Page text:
Ignorance might sometimes seem like bliss, that’s true, but when it comes to child sexual abuse, ignorance is nothing short of risky behavior. What you don’t know could hurt you, or more importantly, your children. Learning the facts about child sexual abuse is the first step to preventing it, so here we go:
Nearly 1 in 4 of our children will be sexually abused before their 18th birthday; that’s roughly 7 in EVERY classroom.
9 out of 10 child sexual abuse victims know the perpetrator in some way. 7 of them abused by a family member.
About 8 out of 10 of 21-year-olds who were abused as children met criteria for at least one psychological disorder.
Abused and neglected children are 11 times more likely to engage in criminal behavior as an adult.
80% of sexual abuse happens in isolated, one on one situations.
Children with the language and the permission to talk about abuse are among the safest children.
What else can we do to protect our children and prevent abuse?
TALK ABOUT IT!
Talking about child sexual abuse is one of the greatest tools we have to combat it. When we keep the lines of communication open for our children, we equip them with the tools to protect themselves. People who sexually abuse children count on their silence, count on their inability to talk about it and count on our lack of involvement. So talk about it, keep talking about it and realize that talking openly with your children about personal safety and boundaries means they will come to you as their primary source of information and protection.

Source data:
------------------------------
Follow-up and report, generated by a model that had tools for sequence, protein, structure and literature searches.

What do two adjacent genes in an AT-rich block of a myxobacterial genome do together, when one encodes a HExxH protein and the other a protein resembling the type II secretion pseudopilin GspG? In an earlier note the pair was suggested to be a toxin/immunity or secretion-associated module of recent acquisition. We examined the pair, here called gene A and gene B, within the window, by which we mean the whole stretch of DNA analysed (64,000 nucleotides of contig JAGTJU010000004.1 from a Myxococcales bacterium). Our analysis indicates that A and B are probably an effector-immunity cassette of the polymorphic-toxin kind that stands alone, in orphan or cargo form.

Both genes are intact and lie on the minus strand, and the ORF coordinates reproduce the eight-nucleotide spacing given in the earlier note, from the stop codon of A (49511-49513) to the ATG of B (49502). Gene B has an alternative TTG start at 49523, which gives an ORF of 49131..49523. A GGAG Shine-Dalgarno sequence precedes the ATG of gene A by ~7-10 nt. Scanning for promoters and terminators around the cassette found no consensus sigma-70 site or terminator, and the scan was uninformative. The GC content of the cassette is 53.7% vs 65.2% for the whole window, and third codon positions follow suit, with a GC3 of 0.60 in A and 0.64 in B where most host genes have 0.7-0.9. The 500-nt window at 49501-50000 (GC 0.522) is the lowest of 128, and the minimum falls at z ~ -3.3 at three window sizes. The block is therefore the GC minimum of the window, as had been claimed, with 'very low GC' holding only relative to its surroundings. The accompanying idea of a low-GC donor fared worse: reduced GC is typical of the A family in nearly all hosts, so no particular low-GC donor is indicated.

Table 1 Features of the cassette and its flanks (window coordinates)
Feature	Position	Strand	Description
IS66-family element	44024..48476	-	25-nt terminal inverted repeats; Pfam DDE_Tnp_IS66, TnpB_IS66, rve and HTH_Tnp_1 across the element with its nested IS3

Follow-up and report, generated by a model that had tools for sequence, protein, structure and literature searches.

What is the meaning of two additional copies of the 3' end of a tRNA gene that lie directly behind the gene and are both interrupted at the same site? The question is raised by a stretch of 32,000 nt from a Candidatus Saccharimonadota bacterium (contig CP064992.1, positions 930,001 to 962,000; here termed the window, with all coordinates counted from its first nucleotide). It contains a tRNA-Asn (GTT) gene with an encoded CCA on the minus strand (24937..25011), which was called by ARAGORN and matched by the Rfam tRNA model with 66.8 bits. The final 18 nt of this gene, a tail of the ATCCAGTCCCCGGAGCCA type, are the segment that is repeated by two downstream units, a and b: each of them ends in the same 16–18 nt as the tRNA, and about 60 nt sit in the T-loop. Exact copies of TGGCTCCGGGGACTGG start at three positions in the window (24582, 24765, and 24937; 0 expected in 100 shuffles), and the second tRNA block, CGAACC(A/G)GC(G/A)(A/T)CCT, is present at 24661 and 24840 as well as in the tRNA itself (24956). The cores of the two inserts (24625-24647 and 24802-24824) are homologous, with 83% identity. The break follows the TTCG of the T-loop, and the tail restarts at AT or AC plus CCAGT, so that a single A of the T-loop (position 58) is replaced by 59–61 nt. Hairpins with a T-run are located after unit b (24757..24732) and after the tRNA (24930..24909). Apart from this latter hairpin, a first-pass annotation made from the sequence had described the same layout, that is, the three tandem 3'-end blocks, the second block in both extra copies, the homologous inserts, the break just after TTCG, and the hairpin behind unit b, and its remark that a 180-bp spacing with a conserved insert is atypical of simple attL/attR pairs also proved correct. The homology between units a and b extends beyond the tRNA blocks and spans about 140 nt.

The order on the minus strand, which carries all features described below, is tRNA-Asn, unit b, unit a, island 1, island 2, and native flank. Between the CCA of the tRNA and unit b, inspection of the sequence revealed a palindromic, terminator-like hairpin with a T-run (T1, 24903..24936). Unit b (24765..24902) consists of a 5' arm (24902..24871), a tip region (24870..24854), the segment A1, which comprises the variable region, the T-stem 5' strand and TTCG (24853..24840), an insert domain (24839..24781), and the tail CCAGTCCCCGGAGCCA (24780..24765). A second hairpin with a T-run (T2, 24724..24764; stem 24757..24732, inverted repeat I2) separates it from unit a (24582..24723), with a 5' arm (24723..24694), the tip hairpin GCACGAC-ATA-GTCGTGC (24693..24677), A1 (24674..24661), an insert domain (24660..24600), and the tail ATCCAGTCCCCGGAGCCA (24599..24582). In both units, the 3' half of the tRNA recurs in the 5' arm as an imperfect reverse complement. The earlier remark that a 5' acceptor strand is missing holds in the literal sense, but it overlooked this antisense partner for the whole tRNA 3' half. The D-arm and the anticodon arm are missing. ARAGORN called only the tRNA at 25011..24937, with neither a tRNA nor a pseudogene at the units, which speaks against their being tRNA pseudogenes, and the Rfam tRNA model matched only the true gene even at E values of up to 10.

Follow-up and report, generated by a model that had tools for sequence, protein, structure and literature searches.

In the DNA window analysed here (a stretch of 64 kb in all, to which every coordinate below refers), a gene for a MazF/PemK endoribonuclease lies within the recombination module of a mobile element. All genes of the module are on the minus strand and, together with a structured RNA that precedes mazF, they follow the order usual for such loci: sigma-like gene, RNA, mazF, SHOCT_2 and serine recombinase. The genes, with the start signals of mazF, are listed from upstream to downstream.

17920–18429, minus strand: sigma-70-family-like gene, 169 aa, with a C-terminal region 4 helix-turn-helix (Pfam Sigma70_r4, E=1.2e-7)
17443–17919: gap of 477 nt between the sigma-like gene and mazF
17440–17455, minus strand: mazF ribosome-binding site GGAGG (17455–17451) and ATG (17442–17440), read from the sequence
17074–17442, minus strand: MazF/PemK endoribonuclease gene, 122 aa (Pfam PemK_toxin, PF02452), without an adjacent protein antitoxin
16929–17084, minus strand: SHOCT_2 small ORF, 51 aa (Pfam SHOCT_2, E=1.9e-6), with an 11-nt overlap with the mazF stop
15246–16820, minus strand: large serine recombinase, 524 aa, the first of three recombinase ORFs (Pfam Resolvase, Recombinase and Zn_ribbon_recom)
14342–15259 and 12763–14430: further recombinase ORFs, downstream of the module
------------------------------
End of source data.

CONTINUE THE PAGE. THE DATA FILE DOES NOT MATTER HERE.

The “talk” about child sexual abuse isn’t really a “talk” at all, but an open and running dialogue, and not merely a onetime event. Give your children the tools they need – proper language to talk about sex and sexual abuse and your permission to do so. Talking about sexual abuse sheds light on a topic that thrives on being kept in the dark, and hidden. The more we talk about it, the more light we shed, and the safer all of our children are. Here’s to hope that more of us begin living in that light.
Editor, Ask Lala